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What is a White Bandage?

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  • Written By: Meghan Cunningham
  • Edited By: C. Wilborn
  • Last Modified Date: 11 November 2016
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A white bandage is a piece of material, which can vary in width and length, and is rolled into a tube. Not to be confused with a dressing, a bandage is secured over a dressing to keep it in place. Bandages can also be used to secure a splint to an injured limb, fashioned into a "donut," for wounds that cannot be compressed, or keep an impaled object in place. White bandages are often white because they are usually made from single- or double-ply cotton gauze.

Available in a variety of widths and lengths, white bandages are commonly found from 2 to 4 inches (5.08 to 10.16 cm) in width and 2 to 4 yards (1.82 to 3.65 m) in length. Rolled into small tubes and sealed into sterile plastic bags, a white bandage is flexible and soft. It is an important tool in any first aid or medical kit.

When covering a wound, a dressing is usually the first layer of material applied. A dressing, usually made of cotton gauze squares, is placed over the wound. A white bandage is then used to secure the dressing in place and apply compression, or pressure, if needed to stop blood flow.

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White bandages can be used for other purposes. In the event of certain types of snake bites, such as that of a coral snake, a white bandage can be used to create a compression wrap that prevents venom from spreading from the bite site. In addition, a white bandage is useful when securing a splint in place; it can gently hold the splint to a broken bone, for example, helping it to remain stable.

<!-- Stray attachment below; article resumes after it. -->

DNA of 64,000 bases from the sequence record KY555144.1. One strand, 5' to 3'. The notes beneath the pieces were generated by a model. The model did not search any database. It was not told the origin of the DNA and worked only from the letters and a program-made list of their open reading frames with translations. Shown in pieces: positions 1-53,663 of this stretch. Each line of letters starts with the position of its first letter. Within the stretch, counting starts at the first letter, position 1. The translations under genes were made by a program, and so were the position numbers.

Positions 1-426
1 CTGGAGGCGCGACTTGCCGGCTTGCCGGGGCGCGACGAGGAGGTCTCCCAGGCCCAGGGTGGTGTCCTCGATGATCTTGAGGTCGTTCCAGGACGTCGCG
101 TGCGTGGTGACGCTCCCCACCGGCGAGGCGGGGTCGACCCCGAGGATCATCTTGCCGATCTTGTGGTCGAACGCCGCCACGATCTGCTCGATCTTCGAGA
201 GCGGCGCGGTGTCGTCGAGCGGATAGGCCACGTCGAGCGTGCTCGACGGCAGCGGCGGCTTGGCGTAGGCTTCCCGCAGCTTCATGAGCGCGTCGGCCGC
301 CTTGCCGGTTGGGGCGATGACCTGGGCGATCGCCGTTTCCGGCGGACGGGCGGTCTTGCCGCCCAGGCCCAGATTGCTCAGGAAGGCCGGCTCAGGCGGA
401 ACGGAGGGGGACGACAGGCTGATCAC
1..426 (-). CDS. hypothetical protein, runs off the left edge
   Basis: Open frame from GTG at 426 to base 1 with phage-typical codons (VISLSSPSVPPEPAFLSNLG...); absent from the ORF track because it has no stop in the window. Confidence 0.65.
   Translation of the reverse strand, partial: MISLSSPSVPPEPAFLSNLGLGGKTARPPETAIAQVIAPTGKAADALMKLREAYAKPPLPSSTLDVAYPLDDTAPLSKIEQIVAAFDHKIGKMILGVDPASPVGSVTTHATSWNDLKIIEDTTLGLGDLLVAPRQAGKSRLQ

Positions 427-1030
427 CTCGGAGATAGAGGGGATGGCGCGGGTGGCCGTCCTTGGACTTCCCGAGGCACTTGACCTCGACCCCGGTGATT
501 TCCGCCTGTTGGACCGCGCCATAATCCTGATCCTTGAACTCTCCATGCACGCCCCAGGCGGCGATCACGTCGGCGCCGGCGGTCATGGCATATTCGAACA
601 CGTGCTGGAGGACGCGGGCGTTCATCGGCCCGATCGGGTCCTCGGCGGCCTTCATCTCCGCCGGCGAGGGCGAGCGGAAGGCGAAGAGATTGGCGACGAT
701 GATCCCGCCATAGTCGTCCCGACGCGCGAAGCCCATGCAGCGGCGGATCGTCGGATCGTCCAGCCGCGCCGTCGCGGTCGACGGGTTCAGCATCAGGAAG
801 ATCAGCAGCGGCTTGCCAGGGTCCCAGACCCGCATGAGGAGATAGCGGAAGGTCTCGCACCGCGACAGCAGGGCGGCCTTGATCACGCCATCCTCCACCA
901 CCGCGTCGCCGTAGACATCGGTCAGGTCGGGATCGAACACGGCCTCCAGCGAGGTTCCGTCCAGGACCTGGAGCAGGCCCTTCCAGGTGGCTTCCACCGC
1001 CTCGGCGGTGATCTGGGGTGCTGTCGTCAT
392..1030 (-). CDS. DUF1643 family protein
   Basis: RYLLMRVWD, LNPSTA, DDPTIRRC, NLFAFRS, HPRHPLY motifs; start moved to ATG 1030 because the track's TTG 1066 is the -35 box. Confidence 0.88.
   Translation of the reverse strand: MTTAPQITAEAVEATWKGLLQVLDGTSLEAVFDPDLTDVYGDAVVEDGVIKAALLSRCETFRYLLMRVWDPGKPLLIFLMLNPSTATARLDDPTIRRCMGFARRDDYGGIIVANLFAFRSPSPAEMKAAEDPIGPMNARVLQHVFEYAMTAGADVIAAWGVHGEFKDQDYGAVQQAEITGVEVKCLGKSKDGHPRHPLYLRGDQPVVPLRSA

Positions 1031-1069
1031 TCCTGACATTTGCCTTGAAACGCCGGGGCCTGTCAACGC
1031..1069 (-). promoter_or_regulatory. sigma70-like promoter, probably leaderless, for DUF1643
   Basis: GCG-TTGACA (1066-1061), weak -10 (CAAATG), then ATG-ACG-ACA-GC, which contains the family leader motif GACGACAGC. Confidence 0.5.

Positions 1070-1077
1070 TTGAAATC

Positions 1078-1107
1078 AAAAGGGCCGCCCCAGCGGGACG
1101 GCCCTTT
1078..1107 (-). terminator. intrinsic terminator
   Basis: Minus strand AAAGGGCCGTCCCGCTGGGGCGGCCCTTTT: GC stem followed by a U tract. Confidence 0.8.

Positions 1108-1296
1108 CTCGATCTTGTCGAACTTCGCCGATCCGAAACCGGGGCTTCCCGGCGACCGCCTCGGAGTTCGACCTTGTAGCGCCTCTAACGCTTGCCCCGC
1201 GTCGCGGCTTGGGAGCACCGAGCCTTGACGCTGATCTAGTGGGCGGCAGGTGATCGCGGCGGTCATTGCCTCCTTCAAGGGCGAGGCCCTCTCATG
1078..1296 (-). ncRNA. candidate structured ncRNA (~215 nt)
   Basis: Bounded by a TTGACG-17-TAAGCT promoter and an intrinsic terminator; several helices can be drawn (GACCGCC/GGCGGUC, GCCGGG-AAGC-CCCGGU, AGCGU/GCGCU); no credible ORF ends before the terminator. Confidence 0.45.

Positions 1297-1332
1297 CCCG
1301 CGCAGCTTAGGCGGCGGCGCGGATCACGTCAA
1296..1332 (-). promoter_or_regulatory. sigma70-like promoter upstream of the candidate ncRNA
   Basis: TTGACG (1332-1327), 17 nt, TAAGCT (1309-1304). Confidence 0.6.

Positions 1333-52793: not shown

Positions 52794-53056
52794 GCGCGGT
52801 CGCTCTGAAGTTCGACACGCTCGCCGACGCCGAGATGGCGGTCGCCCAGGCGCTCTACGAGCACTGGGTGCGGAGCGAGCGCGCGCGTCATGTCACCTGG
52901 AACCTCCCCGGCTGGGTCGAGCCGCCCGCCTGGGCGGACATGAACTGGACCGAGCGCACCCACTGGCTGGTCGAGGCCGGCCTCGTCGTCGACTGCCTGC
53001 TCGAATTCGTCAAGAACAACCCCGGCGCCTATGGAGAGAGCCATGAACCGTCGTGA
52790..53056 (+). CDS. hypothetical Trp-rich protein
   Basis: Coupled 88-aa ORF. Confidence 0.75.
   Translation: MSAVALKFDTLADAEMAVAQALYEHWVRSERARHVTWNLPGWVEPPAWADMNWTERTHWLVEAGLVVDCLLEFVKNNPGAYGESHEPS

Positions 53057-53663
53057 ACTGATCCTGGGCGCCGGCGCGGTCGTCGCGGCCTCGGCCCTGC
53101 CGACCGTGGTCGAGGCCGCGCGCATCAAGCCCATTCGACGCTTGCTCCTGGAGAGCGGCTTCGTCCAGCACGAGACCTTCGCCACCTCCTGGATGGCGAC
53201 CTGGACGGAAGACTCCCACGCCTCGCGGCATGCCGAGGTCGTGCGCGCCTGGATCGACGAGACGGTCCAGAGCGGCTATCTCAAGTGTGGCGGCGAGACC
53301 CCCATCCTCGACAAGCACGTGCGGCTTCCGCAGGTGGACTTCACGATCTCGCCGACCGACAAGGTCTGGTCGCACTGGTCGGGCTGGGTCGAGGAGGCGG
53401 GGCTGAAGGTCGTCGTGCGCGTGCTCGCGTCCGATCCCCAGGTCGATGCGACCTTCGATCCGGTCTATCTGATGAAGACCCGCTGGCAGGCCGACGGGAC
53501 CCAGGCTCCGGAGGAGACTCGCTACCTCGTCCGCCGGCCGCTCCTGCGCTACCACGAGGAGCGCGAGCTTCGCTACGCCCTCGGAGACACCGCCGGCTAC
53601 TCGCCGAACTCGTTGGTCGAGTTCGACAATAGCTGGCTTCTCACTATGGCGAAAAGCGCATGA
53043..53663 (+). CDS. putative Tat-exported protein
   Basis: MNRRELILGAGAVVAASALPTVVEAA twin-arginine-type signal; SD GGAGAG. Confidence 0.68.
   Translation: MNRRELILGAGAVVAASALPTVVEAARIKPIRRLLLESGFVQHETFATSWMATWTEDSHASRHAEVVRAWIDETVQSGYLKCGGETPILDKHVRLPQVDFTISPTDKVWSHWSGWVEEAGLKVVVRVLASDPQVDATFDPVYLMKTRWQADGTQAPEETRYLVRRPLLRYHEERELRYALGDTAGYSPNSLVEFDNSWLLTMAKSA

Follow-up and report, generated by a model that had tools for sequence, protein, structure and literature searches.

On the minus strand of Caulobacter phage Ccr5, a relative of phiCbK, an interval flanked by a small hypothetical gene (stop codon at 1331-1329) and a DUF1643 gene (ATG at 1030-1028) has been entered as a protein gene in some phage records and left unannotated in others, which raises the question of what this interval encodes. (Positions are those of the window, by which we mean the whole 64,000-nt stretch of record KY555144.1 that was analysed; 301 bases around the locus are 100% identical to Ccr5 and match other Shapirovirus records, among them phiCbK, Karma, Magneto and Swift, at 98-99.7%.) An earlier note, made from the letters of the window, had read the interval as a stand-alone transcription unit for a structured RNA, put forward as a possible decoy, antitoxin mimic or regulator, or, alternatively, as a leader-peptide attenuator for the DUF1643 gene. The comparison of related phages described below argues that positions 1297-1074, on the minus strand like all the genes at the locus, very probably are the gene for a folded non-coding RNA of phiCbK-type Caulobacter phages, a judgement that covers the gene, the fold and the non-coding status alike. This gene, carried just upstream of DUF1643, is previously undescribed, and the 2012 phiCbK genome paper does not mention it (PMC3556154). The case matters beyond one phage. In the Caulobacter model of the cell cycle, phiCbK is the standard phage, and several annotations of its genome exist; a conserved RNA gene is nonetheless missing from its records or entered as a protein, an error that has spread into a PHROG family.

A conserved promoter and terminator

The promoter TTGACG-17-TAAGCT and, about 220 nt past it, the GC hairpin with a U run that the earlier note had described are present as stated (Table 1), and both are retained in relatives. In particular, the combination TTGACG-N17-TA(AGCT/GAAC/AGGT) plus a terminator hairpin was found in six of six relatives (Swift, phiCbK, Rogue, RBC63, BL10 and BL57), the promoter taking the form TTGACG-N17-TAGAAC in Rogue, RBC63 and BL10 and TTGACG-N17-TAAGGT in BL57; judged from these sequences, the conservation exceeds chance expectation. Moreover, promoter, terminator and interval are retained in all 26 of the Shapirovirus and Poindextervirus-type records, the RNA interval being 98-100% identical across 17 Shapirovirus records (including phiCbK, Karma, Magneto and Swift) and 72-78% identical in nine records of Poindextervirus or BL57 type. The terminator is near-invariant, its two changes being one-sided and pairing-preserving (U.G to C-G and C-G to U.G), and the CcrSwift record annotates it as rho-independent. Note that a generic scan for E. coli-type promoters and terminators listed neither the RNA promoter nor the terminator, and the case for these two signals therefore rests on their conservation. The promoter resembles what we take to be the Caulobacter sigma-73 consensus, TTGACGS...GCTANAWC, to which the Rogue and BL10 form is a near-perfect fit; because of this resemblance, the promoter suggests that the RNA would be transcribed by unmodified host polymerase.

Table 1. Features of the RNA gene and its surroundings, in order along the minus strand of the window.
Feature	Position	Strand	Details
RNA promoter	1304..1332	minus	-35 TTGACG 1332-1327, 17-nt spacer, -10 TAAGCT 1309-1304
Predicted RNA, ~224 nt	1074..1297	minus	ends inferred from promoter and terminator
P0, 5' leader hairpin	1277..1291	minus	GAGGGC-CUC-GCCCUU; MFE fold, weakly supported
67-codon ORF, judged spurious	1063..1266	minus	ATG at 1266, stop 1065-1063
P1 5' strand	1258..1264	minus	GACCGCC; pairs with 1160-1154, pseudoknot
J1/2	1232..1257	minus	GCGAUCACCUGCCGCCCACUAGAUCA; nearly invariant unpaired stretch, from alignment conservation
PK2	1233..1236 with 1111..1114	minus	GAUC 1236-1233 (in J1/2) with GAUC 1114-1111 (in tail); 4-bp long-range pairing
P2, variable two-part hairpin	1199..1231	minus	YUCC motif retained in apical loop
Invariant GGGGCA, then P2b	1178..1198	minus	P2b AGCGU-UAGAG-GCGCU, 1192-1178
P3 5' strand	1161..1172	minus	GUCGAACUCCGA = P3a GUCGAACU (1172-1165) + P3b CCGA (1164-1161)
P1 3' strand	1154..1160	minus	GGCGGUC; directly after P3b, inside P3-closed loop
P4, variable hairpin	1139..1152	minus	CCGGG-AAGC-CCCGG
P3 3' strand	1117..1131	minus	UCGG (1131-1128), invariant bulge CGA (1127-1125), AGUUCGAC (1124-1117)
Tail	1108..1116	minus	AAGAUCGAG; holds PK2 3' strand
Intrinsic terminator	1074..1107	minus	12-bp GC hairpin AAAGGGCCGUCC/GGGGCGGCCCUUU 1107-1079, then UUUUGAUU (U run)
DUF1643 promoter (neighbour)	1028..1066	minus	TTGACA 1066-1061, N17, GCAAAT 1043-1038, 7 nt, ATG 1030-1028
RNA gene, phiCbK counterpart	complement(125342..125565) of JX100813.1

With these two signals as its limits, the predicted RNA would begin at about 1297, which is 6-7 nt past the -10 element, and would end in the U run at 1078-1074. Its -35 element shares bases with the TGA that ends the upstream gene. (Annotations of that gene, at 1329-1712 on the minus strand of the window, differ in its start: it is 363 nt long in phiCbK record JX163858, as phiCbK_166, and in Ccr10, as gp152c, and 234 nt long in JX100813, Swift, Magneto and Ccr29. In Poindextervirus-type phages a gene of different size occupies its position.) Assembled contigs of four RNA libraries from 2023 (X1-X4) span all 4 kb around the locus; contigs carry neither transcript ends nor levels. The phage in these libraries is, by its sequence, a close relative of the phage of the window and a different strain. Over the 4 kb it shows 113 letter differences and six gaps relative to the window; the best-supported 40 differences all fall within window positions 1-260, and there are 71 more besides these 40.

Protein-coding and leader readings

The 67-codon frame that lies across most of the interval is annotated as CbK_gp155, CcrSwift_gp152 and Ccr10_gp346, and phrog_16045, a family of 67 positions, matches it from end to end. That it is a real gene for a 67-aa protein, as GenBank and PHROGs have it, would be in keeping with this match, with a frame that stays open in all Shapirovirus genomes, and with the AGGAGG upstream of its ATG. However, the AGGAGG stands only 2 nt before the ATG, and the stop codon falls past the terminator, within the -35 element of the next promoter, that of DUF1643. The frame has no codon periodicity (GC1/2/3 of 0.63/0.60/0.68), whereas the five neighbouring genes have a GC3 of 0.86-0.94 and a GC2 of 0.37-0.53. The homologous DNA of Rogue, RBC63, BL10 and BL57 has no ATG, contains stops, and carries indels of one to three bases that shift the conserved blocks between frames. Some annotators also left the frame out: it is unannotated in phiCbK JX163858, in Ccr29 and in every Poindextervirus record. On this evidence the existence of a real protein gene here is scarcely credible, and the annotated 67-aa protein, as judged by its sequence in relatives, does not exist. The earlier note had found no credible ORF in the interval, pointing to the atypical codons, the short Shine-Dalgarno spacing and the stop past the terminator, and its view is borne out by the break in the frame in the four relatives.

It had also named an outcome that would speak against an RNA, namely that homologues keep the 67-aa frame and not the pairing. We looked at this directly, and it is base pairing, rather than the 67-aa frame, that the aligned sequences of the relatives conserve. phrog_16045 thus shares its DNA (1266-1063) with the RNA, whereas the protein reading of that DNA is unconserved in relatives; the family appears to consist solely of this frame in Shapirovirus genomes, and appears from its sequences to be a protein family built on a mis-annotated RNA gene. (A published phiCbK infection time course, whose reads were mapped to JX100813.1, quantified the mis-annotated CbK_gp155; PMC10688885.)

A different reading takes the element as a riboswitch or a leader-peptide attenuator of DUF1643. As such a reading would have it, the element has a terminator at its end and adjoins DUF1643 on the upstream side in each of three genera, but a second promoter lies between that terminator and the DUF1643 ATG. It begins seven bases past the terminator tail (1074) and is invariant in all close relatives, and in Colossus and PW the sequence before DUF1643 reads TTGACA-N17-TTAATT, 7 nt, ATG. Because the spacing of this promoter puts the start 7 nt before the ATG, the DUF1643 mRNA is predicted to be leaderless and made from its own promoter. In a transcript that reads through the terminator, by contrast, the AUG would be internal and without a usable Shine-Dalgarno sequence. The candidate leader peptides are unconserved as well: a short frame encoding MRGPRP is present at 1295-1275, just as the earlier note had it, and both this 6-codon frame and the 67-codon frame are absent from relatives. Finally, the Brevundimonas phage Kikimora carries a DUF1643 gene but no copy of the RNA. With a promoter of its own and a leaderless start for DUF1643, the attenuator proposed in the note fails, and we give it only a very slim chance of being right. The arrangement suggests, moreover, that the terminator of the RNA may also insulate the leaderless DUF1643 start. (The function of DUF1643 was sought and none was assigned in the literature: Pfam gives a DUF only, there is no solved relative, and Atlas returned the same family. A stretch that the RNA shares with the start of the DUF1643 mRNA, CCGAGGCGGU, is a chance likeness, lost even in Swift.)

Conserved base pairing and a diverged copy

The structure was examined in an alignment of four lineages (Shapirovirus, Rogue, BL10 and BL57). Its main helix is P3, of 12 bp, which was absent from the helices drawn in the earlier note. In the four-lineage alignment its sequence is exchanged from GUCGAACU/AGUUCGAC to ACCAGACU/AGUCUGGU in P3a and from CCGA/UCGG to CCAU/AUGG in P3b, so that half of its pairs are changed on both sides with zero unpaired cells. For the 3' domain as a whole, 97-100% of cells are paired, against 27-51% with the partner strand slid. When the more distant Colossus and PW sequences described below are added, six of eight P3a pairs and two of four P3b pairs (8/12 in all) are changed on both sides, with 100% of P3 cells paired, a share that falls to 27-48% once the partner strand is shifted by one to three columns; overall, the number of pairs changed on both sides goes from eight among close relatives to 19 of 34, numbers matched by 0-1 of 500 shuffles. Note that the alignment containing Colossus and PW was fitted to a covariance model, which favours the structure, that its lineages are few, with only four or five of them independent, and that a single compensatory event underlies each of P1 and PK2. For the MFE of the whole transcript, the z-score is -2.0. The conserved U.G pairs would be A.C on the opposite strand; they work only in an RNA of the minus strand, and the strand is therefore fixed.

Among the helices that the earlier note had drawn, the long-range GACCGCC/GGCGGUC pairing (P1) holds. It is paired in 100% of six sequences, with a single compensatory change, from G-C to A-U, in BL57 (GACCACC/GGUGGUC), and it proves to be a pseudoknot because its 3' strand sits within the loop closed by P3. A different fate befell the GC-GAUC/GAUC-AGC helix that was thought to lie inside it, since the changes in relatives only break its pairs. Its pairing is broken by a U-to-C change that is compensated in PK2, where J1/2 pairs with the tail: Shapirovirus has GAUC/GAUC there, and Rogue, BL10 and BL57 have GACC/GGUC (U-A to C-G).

A "donut" can also be made using a white bandage. When wound into a tight ring that looks like a donut, a bandage can be used in the treatment for different injuries. For example, if someone has an open head wound, a rescuer should not apply pressure to that wound, so he or she may make a donut and place hole over the wound, allowing the edge to decrease or collect blood flow.

Similarly, a white bandage donut may be useful for keeping an impaled object from moving. Again, the hole is placed over the object, such as a knife in the chest or a pencil in a hand. The donut not only decreases blood flow, but it also prevents the object from moving or shifting and potentially causing more harm.

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